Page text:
Hand grenades from a he­li­copter

Maduro gets his ex­cuse to crack down even harder

The Hamilton Spectator - - COMMENT - GWYNNE DYER Gwynne Dyer is an in­de­pen­dent jour­nal­ist whose ar­ti­cles are pub­lished in 45 coun­tries.

Af­ter al­most three months of daily anti-gov­ern­ment demon­stra­tions, what Venezuela’s Pres­i­dent Ni­co­las Maduro needed most was an ex­cuse to im­pose martial law, or at least to use ma­jor vi­o­lence and mass ar­rests to close the protests down.

Last week, Maduro got his ex­cuse. A stolen po­lice he­li­copter flew over the Supreme Court build­ing in Cara­cas — and dropped a cou­ple of hand grenades near it.

The man be­hind this at­tack was Os­car Perez, a po­lice of­fi­cer who an­nounced in a video posted on In­sta­gram that he was launch­ing an armed strug­gle against tyranny.

“We are a coali­tion of mil­i­tary em­ploy­ees, po­lice­men and civil­ians who are look­ing for bal­ance and are against this crim­i­nal gov­ern­ment,” Pérez said, and the four armed men stand­ing be­hind him in the video tried to look fierce.

Pres­i­dent Maduro did his best to in­flate the in­ci­dent into a ma­jor ter­ror­ist at­tack. “I have ac­ti­vated the en­tire armed forces to de­fend the peace,” he said. “Sooner or later, we are go­ing to cap­ture that he­li­copter and those who car­ried out this ter­ror at­tack.” (And while we’re at it, we’ll round up a lot of other peo­ple who sup­port the op­po­si­tion.)

Maduro can no longer stay in power by demo­cratic means. There is no doubt that he won the pres­i­dency by a nar­row but genuine ma­jor­ity (1.5 per cent) in the 2013 elec­tion that fol­lowed the death of Hugo Chávez, the hero-founder of the United So­cial­ist Party of Venezuela. But there is also no doubt that the op­po­si­tion coali­tion, the Demo­cratic Unity Round­table, won a land­slide vic­tory in the par­lia­men­tary elec­tion of 2015.

What made the dif­fer­ence be­tween those two elec­tions was the price of oil. In 2013 it was around $100 per bar­rel. By 2015 it was in the low $40s, and it is still there to­day.

Venezuela is not a rich coun­try, al­though most Venezue­lans be­lieve it is. It has a lot of oil, but it pro­duces al­most noth­ing else and im­ports prac­ti­cally ev­ery­thing it con­sumes. So it is rich when oil is at $100 — but it is very poor when it is be­low $50. The coun­try is there­fore now broke.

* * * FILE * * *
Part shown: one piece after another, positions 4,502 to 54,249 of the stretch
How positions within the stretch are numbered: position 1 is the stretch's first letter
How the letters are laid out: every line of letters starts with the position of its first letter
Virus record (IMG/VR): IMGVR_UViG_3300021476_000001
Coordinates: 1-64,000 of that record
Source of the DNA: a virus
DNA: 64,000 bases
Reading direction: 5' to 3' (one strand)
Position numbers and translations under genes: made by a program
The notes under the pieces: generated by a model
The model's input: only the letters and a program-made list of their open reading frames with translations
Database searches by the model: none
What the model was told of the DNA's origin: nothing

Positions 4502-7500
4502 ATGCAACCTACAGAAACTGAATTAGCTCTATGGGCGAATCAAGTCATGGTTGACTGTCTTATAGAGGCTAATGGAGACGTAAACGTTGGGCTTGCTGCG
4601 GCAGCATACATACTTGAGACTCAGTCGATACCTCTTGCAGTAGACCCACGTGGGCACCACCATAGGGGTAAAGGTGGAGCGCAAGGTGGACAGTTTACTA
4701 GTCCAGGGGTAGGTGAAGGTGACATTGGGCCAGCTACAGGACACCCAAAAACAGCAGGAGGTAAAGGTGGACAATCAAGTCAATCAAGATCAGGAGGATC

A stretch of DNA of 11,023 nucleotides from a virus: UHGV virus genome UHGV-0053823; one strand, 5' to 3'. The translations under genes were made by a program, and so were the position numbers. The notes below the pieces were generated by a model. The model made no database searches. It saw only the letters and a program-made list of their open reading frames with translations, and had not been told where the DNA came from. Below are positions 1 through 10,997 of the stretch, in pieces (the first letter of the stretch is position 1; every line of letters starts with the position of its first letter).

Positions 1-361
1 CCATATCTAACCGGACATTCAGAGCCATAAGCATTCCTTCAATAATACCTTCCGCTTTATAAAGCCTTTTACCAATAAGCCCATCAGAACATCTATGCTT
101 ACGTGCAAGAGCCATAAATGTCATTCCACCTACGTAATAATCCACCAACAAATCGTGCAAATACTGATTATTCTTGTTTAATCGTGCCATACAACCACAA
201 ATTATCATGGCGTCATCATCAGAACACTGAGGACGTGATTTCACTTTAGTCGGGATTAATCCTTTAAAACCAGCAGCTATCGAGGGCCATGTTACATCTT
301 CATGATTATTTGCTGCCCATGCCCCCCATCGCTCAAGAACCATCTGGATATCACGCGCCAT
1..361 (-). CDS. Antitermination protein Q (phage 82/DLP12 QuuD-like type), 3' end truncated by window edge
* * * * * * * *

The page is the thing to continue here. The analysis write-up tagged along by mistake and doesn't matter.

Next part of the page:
For rea­sons hav­ing noth­ing to do with al­leged plots by the U.S. or the wicked lo­cal elites, per capita in­come in Venezuela has fallen by more than half in the past two years. So peo­ple are an­gry, in­clud­ing many of the poor peo­ple who ben­e­fit­ted from Chavez’s gen­eros­ity back in the Good Old Days. There is a pres­i­den­tial elec­tion due next year, and as things stand now Maduro would prob­a­bly lose by two-to-one.

The Na­tional Assem­bly has had a twothirds ma­jor­ity of op­po­si­tion mem­bers since the 2015 elec­tion, and it has been press­ing hard to bring the pres­i­den­tial elec­tion for­ward to this year. Maduro had to stop that, and his first step was to have the Supreme Court, which is packed with Chavez and Maduro ap­pointees, strip the Na­tional Assem­bly of all its pow­ers and take them for it­self. This is what trig­gered the daily antigov­ern­ment demon­stra­tions that be­gan in early April. The Supreme Court’s ac­tion was clearly un­con­sti­tu­tional, and af­ter three days that also saw protests from mem­bers of his own party Maduro or­dered the judges to back­track on their de­cree. But the pro­test­ers stayed out in the street.

So Maduro, des­per­ate to side­line the Na­tional Assem­bly, then came up with the idea of rewrit­ing the con­sti­tu­tion. There was no referendum to test pop­u­lar sup­port for this idea, and the peo­ple in the “con­stituent assem­bly” are be­ing cho­sen ac­cord­ing to rules set by the Maduro gov­ern­ment.

No­body is fooled by all this flim-flam, and it is no sur­prise that Os­car Perez, whether he is a de­luded revo­lu­tion­ary or a se­cret gov­ern­ment stooge fly­ing false colours, chose to drop his lit­tle hand­grenades on the Supreme Court. It has be­come a sym­bol of the il­licit ma­nip­u­la­tion by which Maduro clings to power, and there­fore a nat­u­ral tar­get for those who op­pose the gov­ern­ment (or pre­tend to).

In ei­ther case, Maduro has his pre­text, and will now clamp down harder and try to ter­rify the op­po­si­tion into sub­mis­sion. It is prob­a­bly go­ing to get much nas­tier yet in Venezuela.

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